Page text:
Although bare-bones in nature this is, in essence, a perfectly grounded PVC system! Don't be too concerned if you don't have a compost pile. The nitrogen ionic voltage transfer won't be as efficient without one, but your grounding system will still work just as well as if you did nothing at all. And remember...
post pictures.
Michael
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You really don't know what you're talking about. There's no such thing as grounding a non-conductive surface. You can make yourself believe that you're doing such a thing, but you're not. If it were true, we wouldn't have such basic electronic components as a capacitor.
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snipped-for-privacy@yahoo.com (Larry Bud) wrote in

LOL
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Best regards
Han
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Oh well, hook, line, and sinker! But I HAVE read completely serious websites which claim you can "ground" a PVC system...
I hate all of you :-)
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Sure you can (as far as static electricity is concerned) but the real question is do you need to?

LOL
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If at first you don't succeed, you're not cut out for skydiving




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snipped-for-privacy@yahoo.com (Larry Bud) wrote:

Misuse of the word. If they said "drain static build-up so you don't zap yourself bumping into the pipe" then they'd be OK.
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Larry Bud wrote:

Somebody get the pliers, this hook's in deep :-)
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Sunderland, MD
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On Wed, 07 Jan 2004 07:14:29 GMT, Michael Baglio

You've obviously never been around my wife in the winter...uh, never mind.
LRod
Master Woodbutcher and seasoned termite
Shamelessly whoring my website since 1999
http://www.woodbutcher.net
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Thanks Michael, I'm still looking for the silly putty.
Daniel
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"Michael Baglio

<snip>
I can't find "Silly Putty". Will "Plumber's Putty" (non-union) work if I dye it different colors? ;-)
-- Jack Novak Buffalo, NY - USA (Remove "SPAM" from email address to reply)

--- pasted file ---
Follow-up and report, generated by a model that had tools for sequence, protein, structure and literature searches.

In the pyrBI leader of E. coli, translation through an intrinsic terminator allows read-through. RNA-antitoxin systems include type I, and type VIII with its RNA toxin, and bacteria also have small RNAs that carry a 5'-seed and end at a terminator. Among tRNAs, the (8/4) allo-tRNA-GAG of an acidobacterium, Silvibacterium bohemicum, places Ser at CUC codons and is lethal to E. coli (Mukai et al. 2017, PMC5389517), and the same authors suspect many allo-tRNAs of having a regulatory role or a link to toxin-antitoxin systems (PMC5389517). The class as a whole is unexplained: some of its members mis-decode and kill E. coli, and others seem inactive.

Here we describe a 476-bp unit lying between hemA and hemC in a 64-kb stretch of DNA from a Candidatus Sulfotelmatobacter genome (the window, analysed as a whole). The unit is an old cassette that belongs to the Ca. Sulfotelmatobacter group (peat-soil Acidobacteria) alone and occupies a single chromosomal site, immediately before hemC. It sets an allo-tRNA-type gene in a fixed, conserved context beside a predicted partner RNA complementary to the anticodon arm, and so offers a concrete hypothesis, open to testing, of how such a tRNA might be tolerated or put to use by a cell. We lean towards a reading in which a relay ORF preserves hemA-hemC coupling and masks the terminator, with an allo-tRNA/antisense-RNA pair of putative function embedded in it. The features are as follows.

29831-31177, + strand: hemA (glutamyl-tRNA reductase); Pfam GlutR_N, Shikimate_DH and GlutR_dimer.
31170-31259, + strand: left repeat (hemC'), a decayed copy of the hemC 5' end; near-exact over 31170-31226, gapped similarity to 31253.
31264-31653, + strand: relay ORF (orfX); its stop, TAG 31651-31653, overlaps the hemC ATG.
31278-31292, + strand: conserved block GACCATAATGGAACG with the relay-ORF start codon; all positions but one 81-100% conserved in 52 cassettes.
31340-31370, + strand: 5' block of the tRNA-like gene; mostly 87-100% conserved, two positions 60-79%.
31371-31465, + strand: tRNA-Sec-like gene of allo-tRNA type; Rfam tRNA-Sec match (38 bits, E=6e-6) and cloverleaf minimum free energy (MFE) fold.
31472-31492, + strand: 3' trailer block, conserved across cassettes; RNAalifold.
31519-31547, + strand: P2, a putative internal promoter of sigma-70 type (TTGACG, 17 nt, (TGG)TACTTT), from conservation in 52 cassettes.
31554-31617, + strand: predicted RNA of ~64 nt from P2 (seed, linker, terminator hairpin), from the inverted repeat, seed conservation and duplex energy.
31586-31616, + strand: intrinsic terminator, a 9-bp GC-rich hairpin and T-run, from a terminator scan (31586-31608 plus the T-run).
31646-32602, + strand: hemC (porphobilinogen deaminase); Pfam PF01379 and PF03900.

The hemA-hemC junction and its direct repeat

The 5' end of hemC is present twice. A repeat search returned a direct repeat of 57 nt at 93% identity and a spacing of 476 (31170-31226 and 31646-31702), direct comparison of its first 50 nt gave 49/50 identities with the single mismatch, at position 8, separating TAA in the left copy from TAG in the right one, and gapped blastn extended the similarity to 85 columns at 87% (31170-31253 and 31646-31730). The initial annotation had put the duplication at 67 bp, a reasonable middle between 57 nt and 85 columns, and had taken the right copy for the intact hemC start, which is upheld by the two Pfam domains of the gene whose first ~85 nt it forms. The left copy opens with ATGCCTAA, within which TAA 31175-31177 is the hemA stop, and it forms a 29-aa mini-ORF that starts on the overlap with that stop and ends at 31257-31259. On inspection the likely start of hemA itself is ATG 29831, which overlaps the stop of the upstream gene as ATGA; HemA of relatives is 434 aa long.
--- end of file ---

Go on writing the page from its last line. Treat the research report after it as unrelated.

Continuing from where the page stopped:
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wrote:

it will work as long as you stand there and tell it bad jokes. as soon as you stop, your dust collector will explode.
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wrote:

Yes, but "Plumber's Pantyhose" won't. The crack in the back lets out too many static ionomers. And stuff.
Michael "SillyPutty<tm>. It isn't just for breakfast anymore."
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Having just gone through this 8 months ago, I'm pretty well informed. Oh boy, here we go. First, if someone talks about grounding PVC, they don't know anything about electricity, as you can't ground a non-conductive surface. So all "grounding" PVC does is empty your wallet and clog your pipes.
2nd, you'll hear claims that static discharge is an explosion hazard, even though nobody can find one single source of STATIC causing an explosion. You'll hear all sorts of claims, but when you dig deep into them, you'll find that it wasn't static at all that caused the fire, but something else.
You'll also hear claims that you NEED to buy that expensive spiral pipe, because a home dust collector will collapse the cheap snaplock pipe that the Borg sells. Poppycock. It doesn't even come close to collapsing. I have the Jet 1100 and it works great with the cheap stuff you buy for $6 for 6'.
Now, I chose the snaplock metal pipe because it's light, easy to work with, and I ended up fabricating my own Y's. Don't blow your money on $30 Y pipes. It's ridiculous for what they get for those. I used 6" for my my line, and fabricated 6x6x4" Ys for each machine, using a manual aluminum blast gate.
In addition, using the metal pipe allows you to use those great adjustable elbows that the borg sells as well. You don't want to elbow anything to a 90 deg angle, you want to keep all bends to 45 degrees. Tape it all up with aluminum tape, and you'll have a solid dust collection system.
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snipped-for-privacy@yahoo.com (Larry Bud) wrote:

Almost correct. Two 45's will have the same resistance as a single 90 with the same bend radius. The issue is really long radius vs. short radius. If you mean "don't make more than a 45 degree bend with one adjustable elbow" or "use two elbows to make a 90 degree bend" then you're correct.
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In article

Let me fine-tune that comment a bit. If you're using 45's you'll often get a side benefit of being able to shorten the total pipe length, so you will get less resistance, but for a different reason.